WRITER: LESLIE LOVELESS
CONTACT: BECKY SOGLIN
Iowa City IA 52242
(319) 335-6660; fax (319) 384-4638
Release: April 18, 2002
Visiting historian of public health to speak at UI April
Ph.D., professor of history and public health and director of the Center for
the History and Ethics of Public Health at Columbia University and the Mailman
School of Public Health, will visit the University of Iowa April 22-26 as
an Ida Beam Distinguished Visiting Professor.
An outstanding historian with a national reputation in a wide range of areas,
Rosner has published eight books on the history of health care, the history
of public health and on race and mental health. While at the UI, Rosner will
give several public lectures and seminars, all of which are free and open
to the public.
-- "When Does a Worker's Death Become a Murder?" This lecture
will be held from 4 to
5 p.m. Monday, April 22 in the auditorium at the Levitt Center for University
Advancement. Rosner will discuss the growing number of manslaughter and even
murder charges that have been brought against employers in cases
involving the death of workers on the job. He also will review
other periods in American history when workers' deaths were considered
a form of homicide. The talk will include an examination of the social forces
that shape how we define a worker's death: as an accidental, chance
occurrence or as a predictable result of gross, criminal
indifference to human life. This lecture is sponsored by the UI College of
-- "Cater to the Children? The Lead Industry and the Making of
a National Public Health Tragedy" will take place from 4 to 5 p.m., Tuesday,
April 23 at the Institute for Rural and Environmental Health (Oakdale Campus),
Room 123. This seminar will discuss the impact of occupational and environmental
illnesses caused by lead in paint and gasoline and its relation to the evolution
of the American consumer culture. The event is sponsored by the department
of occupational and environmental health in the UI College of Public Health.
-- "Children, Race and Power" will be presented at 2 p.m.,
Wednesday, April 24 at 332 North Hall. This talk, sponsored by the School
of Social Work, will address the issues of race, mental health and social
work in New York in the years after World War II, focusing on the work of
Kenneth and Mamie Clark and the influence of the Northside
Center, a mental health facility in Harlem.
-- "Between Factory and Home: the Shifting Borders Between Occupational
and Environmental Health" begins at 2:30 p.m., Friday, April 26 in the
Seebohm Conference Room, 283 Eckstein Medical Research Building. Based on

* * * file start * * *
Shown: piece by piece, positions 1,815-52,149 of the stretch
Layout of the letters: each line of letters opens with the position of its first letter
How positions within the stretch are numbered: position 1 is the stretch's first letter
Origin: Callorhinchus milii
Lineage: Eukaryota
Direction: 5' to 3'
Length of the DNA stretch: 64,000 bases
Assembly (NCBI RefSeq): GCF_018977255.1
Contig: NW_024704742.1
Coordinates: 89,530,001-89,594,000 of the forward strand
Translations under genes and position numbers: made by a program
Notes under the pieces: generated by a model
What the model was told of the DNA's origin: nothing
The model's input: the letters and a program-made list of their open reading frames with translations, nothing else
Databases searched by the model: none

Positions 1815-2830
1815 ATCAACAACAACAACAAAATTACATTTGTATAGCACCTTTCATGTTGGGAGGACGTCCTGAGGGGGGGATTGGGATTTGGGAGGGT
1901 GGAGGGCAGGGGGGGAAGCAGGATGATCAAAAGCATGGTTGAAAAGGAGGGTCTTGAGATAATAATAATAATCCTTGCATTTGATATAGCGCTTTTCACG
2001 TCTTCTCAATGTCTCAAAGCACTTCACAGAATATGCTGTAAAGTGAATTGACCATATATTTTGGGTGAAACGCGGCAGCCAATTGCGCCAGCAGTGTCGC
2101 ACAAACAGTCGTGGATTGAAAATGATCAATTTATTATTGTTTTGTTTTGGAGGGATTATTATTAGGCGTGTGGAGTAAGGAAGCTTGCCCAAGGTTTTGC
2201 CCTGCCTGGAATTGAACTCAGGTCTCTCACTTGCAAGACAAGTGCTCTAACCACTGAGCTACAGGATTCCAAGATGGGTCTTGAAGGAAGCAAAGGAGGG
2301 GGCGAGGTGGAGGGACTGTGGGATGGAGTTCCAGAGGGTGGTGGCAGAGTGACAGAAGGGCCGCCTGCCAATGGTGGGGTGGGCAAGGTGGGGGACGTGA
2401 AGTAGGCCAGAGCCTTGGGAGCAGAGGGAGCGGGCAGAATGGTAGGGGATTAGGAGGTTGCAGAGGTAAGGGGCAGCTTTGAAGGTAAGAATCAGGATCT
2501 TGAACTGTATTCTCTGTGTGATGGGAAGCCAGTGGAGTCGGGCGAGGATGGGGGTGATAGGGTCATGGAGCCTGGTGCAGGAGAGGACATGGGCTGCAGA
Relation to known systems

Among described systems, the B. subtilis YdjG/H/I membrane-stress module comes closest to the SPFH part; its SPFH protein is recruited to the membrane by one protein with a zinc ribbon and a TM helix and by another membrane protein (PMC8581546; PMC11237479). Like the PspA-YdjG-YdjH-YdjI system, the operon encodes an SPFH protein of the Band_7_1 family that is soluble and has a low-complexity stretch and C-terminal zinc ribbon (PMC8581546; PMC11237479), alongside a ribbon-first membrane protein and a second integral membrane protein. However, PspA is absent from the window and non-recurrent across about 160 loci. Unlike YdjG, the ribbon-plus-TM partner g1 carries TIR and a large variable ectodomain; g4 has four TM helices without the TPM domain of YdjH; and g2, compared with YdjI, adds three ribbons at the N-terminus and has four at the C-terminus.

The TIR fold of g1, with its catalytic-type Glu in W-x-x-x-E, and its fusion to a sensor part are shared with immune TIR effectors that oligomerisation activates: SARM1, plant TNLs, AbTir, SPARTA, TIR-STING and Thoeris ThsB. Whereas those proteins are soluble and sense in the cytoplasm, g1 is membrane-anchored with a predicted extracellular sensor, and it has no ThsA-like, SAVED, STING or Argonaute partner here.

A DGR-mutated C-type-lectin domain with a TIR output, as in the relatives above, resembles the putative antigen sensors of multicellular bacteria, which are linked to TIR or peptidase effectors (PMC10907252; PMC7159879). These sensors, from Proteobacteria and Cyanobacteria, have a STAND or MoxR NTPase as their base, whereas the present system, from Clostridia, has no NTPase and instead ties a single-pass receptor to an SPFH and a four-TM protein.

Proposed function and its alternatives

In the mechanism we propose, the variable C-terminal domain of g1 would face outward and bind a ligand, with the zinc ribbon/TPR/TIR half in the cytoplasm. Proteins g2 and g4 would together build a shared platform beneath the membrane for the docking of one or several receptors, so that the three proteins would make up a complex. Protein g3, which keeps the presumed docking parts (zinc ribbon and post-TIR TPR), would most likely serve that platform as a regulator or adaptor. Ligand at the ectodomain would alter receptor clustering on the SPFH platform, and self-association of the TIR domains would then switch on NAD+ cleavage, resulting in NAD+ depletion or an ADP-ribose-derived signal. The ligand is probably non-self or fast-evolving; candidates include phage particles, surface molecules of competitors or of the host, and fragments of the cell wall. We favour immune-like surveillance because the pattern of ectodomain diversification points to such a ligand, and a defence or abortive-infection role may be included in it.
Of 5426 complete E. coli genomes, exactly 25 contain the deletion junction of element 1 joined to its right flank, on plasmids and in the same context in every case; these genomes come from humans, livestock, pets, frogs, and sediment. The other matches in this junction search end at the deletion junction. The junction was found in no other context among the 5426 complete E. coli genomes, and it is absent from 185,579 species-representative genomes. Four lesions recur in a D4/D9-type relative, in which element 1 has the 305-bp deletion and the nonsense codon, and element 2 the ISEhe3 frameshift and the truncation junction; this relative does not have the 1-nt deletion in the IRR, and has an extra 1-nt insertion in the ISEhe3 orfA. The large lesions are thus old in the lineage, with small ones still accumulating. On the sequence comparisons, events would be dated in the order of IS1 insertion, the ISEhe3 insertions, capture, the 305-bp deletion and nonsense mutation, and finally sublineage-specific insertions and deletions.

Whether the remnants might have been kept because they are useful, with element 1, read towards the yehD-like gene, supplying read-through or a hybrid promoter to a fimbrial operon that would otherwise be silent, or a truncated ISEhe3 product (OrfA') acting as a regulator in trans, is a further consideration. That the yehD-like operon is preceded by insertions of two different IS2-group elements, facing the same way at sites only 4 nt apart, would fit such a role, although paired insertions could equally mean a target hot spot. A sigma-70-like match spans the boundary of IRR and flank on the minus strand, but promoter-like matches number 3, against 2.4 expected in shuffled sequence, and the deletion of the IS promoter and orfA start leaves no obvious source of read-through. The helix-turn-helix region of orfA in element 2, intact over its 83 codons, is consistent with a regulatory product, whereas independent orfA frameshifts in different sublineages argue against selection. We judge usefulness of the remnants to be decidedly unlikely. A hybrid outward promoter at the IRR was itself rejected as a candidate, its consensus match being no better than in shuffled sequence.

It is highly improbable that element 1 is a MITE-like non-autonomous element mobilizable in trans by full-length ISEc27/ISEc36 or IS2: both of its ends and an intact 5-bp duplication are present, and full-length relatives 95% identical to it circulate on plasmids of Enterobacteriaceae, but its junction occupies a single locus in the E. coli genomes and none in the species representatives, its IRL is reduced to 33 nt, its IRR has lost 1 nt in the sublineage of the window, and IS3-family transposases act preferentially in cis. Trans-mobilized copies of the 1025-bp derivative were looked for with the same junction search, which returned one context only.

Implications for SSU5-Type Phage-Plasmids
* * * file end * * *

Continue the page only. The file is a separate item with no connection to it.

a forthcoming book by the same name as the lecture title, this talk will explore
the social and political background of the various ways that Americans approach
occupational and environmental health problems. This talk will be sponsored
by the UI College of Public Health.
In addition, Rosner will be a guest on the "Iowa Talks" radio
show at 10 a.m., Monday, April 22 on WSUI (AM 910).
Rosner received a master's of science degree in public health from
the University of Massachusetts and his doctorate in the history of science
from Harvard University. Until recently, he was University Distinguished Professor
of History at the City University of New York.
In addition to receiving numerous grants, Rosner has been a Guggenheim
Fellow, a National Endowment for the Humanities Fellow and a Josiah Macy Fellow.
He has been awarded the Distinguished Scholar's Prize from the City University,
the Distinguished Alumni Award from the University of Massachusetts and, recently,
the Viseltear Prize for Outstanding Work in the History of Public Health from
the American Public Health Association.
Rosner's activities at the UI are supported by the Ida Cordelia Beam
Distinguished Visiting Professorships Program, which brings outstanding scholars
to the UI campus for residencies ranging from a few days to an entire academic
A native of Vinton, Iowa, Beam willed her farm to the UI in 1977. Proceeds
from the sale of the farm were used to establish the visiting professorships
program in her name. Since 1977, hundreds of eminent scholars and scientists
have visited the UI campus to give public lectures and to meet with students
Other UI sponsors for Rosner's visit are the College of Public Health,
the College of Law, the School of Social Work, the UI department of history,
the Labor Center, the Heartland Center for Occupational Health and Safety,
the Environmental Health Sciences Research Center, and the Center for Global
and Regional Environmental Research.
For more information, contact Leslie Loveless at (319) 335-4436.